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Whistle Down the Wind

By • West End
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You have to hand it to Andrew Lloyd Webber: few contemporary theatre composers write with such an expansive or eclectic musical voice. After the operatic-like intensity of The Woman in White, the return of Whistle Down the Wind to the West End (as a temporary filler at the Palace Theatre before the autumn arrival of Monty Python's Spamalot from Broadway) finds him writing in his most explicitly pop rock idiom since Jesus Christ Superstar.

While form does indeed match content here for a tale - based on the Mary Hayley Bell story originally set in Sussex, subsequently changed to Lancashire for the 1961 film version, and here relocated to one of kids growing up in an American South of the 1950s that was itself waking up to the sounds of rock 'n' roll - too much of it, however, is phoney and hokey.

Characters may screech of "tyre tracks and broken hearts", but the main sound that’s heard is of tired tracks and broken lyrics. Songs for the vast child choir army - there are over 30 of the Carmel Thomas Youth Singers on stage here - like “When Children Rule the World”, could come straight out of a Coca-Cola ad in sentiment as well as melody, while the soupy pop ballad of the title song is endlessly reprised. But no matter how you resist, a song like “No Matter What” embeds itself in the memory as insistently as “Memory” from Cats. No wonder it has proved to be one of Lloyd Webber's biggest break-out pop hits since then. With other, less plaintive attempts to be alternately raunchy (“A Kiss “s a Terrible Thing to Waste” with its loud orchestral riffs that dissolve into ballad-mode) and dramatic (“The Nature of the Beast” could be a steal from Les Miserables), the show is full of jarring shifts of emotional register that try to have it, by turns, simple and direct versus edgy and throbbing.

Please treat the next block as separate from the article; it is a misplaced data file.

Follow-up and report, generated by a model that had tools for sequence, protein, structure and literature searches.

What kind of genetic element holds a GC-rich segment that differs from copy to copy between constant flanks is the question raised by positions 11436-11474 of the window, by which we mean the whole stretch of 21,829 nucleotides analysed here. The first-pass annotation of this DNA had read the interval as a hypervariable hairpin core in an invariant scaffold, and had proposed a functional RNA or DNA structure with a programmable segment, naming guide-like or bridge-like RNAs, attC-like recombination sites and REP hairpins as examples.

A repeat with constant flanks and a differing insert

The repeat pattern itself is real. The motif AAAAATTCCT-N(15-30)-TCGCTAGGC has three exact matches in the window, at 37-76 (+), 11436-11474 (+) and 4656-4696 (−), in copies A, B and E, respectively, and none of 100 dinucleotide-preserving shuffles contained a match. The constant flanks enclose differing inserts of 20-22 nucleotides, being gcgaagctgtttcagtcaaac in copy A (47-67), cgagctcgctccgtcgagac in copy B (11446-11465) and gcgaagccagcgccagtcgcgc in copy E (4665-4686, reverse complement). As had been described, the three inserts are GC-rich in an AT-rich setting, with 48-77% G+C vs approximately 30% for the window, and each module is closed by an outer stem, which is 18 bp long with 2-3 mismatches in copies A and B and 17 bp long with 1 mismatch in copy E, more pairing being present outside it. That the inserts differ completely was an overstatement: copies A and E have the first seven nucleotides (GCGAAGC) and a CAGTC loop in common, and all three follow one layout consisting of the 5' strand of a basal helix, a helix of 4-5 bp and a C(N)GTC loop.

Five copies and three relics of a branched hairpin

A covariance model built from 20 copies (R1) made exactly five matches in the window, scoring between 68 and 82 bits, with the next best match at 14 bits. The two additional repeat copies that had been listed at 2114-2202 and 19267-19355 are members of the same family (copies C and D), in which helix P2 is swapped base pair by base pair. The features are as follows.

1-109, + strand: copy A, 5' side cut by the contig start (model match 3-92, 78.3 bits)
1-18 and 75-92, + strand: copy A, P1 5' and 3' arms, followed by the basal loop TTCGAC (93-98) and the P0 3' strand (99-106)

But while the original 1998 London production of Whistle Down the Wind (which ran for two-and-a-half years at the Aldwych) saddled the show with a clumsy, frequently malfunctioning design and a pretentious production, Bill Kenwright's touring revival is palpably both far simpler and more sincere. The approach pays some dividends to return the show to its original impulse of updating a beloved story of the wide-eyed innocence and naivety of children who think they've discovered Jesus Christ in their barn to a believable era.

Kenwright's strongly sung production, on Paul Farnsworth's set that puts an imposing wooden barn on stage, gives it full dramatic weight, with Tim Rogers bringing an ardent tenor of desperation to the convict and Claire Marlowe's Swallow combining vulnerability and an awakening knowingness.

- Mark Shenton


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